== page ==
Thursday, August 14, 2014

Ask Big Questions

"Unexplored"
-Outside the Desert Retreat House-

The other day I came across an article in the New York Times about a new initiative sweeping across college campuses all over the country.  Students from many different disciplines and backgrounds meet together in a public forum where they are invited to engage in dialogue to help deepen their understanding of themselves, other students and the world in general. 

In this new program called, "Ask Big Questions," students are invited to go deeper, exploring questions ike: 

For whom are we responsible?
What do we choose to ignore?
Where do you feel at home?
How does technology change us?
When do you conform and when do you take a stand?

Colleges and Universities across the country have reported that this program has been a great success and is catching on everywhere, suggesting that it has not only helped students grow into a deeper wisdom, but it has also given them a greater sense of empathy and solidarity with one another as they learn that all of us share in a common human condition.  

When I read the article the over day, I was also struck by the further observation that, other than these public meetings, there are no other places for students today to explore those deeper questions - it's kind of frightening to me.

Churches, temples, religious institutions are often places where the bigger questions are raised and probed in sermons or classes or discussion groups - but by and large college students and people in that generation don't go to church anymore, many have no religious affiliation whatsoever.  So religion is not an available venue for many students today to "ask the big questions," and to go deeper.   

In the past there was a much heavier emphasis on the study of the humanities in academic life, and when you take courses in art or music or literature, the "big questions" often surface and are explored; but the majority of today's college students major in business, economics, marketing and computer science. Courses in the humanities are less emphasized and often pushed to the background of academic life today.

So I guess it's probably true that unless there is a specially designed extracurricular forum for discussion and dialogue, those big, wisdom-inducing questions are often left untouched by a lot of students nowadays.

The problem is that many people today, not just college students, leave the "big questions" unexplored, and I think this may be part of the malaise and chaos that seems to have taken hold of popular culture in our own times.

The everyday questions asked by many people in everyday life are often pretty "small" and "self-centered" - questions about making money, getting the stuff you want, how to climb up the ladder of success. People rarely have opportunities to sit down and explore any deeper wisdom about the meaning of life, encountering transcendence, our connection to one another, social responsibilities, caring for those who are at the fringes of life.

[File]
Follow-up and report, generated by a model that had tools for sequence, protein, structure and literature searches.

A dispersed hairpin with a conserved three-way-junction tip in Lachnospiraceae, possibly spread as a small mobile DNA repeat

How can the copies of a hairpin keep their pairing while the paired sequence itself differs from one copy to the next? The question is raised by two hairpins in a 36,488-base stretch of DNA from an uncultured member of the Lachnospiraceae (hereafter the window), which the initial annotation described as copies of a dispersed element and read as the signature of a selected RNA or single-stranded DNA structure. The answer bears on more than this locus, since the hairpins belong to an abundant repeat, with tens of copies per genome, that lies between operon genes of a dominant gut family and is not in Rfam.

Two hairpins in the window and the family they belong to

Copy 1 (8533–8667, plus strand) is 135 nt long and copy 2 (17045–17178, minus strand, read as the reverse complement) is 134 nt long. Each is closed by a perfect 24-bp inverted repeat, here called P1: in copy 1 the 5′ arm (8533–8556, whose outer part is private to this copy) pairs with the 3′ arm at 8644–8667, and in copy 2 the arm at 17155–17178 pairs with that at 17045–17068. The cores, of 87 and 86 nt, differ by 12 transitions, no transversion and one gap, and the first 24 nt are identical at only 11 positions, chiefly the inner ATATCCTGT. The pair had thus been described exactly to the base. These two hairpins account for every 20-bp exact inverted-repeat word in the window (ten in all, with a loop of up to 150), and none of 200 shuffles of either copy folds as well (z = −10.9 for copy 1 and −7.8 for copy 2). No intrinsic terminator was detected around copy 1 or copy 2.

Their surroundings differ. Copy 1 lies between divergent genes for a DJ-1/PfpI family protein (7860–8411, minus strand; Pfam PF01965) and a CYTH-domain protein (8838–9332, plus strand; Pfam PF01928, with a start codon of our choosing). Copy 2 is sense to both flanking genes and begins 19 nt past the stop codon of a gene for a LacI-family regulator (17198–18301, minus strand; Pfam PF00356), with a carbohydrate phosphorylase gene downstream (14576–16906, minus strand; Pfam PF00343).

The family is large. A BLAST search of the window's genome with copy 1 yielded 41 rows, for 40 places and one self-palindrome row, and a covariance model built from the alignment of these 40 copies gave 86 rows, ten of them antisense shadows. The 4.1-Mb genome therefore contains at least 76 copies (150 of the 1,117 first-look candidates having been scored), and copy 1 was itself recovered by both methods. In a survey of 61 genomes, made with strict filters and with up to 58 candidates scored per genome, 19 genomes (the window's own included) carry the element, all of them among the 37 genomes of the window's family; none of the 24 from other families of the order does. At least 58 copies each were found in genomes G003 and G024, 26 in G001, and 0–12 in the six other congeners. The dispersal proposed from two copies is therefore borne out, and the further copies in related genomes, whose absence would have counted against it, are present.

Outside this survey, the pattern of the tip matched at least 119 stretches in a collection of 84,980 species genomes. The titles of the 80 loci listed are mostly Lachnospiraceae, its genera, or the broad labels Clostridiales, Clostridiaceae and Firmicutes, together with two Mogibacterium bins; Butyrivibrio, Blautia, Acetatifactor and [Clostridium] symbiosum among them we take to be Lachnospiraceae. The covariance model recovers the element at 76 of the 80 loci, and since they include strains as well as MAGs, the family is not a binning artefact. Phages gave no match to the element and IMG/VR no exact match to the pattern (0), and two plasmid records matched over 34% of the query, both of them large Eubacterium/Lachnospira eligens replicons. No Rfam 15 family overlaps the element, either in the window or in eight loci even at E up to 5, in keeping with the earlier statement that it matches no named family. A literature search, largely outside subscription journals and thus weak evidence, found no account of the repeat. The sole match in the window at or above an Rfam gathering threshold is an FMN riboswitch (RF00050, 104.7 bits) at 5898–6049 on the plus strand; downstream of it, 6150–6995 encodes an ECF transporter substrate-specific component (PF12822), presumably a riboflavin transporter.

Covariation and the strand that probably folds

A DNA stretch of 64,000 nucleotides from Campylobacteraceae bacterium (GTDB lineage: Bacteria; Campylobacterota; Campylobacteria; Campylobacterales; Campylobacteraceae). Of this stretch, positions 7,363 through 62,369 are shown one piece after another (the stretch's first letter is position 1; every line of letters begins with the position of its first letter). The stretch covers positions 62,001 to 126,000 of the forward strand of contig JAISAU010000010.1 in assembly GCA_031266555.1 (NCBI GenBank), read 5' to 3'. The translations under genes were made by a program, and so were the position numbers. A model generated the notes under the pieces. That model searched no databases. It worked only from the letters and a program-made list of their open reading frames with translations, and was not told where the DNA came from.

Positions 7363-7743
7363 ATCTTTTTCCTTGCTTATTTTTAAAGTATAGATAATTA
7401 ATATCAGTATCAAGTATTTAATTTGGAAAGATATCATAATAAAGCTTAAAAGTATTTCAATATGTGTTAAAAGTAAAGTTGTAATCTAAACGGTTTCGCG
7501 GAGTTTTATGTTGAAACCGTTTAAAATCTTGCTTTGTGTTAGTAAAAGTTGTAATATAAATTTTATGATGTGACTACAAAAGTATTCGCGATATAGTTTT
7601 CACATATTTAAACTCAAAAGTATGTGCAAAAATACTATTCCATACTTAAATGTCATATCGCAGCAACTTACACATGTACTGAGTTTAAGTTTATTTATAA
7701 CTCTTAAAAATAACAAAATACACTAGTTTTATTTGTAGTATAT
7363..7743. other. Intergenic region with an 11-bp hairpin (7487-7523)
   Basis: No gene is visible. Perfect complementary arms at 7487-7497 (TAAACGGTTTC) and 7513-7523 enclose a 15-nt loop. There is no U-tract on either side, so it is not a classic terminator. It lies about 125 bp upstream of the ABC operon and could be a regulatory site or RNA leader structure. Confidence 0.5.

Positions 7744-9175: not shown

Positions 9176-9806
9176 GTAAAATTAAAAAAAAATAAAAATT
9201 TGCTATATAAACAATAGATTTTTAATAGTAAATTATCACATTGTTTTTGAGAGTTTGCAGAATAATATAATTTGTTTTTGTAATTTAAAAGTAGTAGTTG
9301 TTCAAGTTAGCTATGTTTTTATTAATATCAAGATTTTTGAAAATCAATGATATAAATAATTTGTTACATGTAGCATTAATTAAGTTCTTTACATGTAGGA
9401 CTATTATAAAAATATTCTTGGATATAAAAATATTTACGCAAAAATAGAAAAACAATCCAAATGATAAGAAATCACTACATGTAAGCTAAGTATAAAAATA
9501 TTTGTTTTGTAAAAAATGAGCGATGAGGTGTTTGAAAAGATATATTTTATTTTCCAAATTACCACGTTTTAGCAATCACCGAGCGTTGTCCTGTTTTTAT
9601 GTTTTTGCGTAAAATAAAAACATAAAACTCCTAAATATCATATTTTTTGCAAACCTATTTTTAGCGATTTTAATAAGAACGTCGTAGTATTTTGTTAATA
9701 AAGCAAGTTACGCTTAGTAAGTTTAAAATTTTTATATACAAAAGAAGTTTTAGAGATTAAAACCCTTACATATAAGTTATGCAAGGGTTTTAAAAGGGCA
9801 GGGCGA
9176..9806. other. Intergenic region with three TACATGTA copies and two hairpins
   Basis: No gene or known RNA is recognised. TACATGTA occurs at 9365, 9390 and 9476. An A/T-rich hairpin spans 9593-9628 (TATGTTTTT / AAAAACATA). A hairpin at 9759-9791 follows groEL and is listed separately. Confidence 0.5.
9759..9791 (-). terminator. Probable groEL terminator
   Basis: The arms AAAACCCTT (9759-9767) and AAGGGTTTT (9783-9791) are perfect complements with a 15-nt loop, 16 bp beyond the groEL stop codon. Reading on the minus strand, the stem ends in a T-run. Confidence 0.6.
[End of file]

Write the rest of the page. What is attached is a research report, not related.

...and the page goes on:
I see people everywhere just sort of skimming the surface rather than probing the depths; and when you only skim the surface of life with nothing to serve as an anchor, it's easy to slip into chaos. 

Maybe this is why I continue every day to write this little post on my blog. My little post is my way of asking big questions.   









3 comments:

  1. In many ways contemporary life is filled with hubris. How often to you see someone looking at their hand and pushing buttons as they walk? How much time is consumed with media as opposed to sitting and watching birds or ripples on the water?

    Your thought: "I see people everywhere just sort of skimming the surface rather than probing the depths; and when you only skim the surface of life with nothing to serve as an anchor, it's easy to slip into chaos." Immediately made me think of Henry Thoreau who mentioned fronting out the essential features of life.

    Contemporary lifestyles are lifestyles that have the innate ability to prevent any serious introspection because of all the various information inputs that enter our mind in the course of a day.

    I have a personal question. Are you familiar with the work of Alan Watts? I have gotten a lot of worthwhile perspectives from him.

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    1. Thanks..Yes, nice.

      I am a big Thoreau fan also. I haven't read much of Alan Watts.Ill explore him further.

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  2. One book by Watts is called "The Book: on the taboo against knowing who you are" It is available on line to read for free and it is available at book stores and of course at Amazon.He's a very effective teacher. Knowledgeable in Zen, Buddhism, and Taoism. Quite an interesting fellow. He was a Christian theologian among other things. He has a lot of material available on YouTube also.

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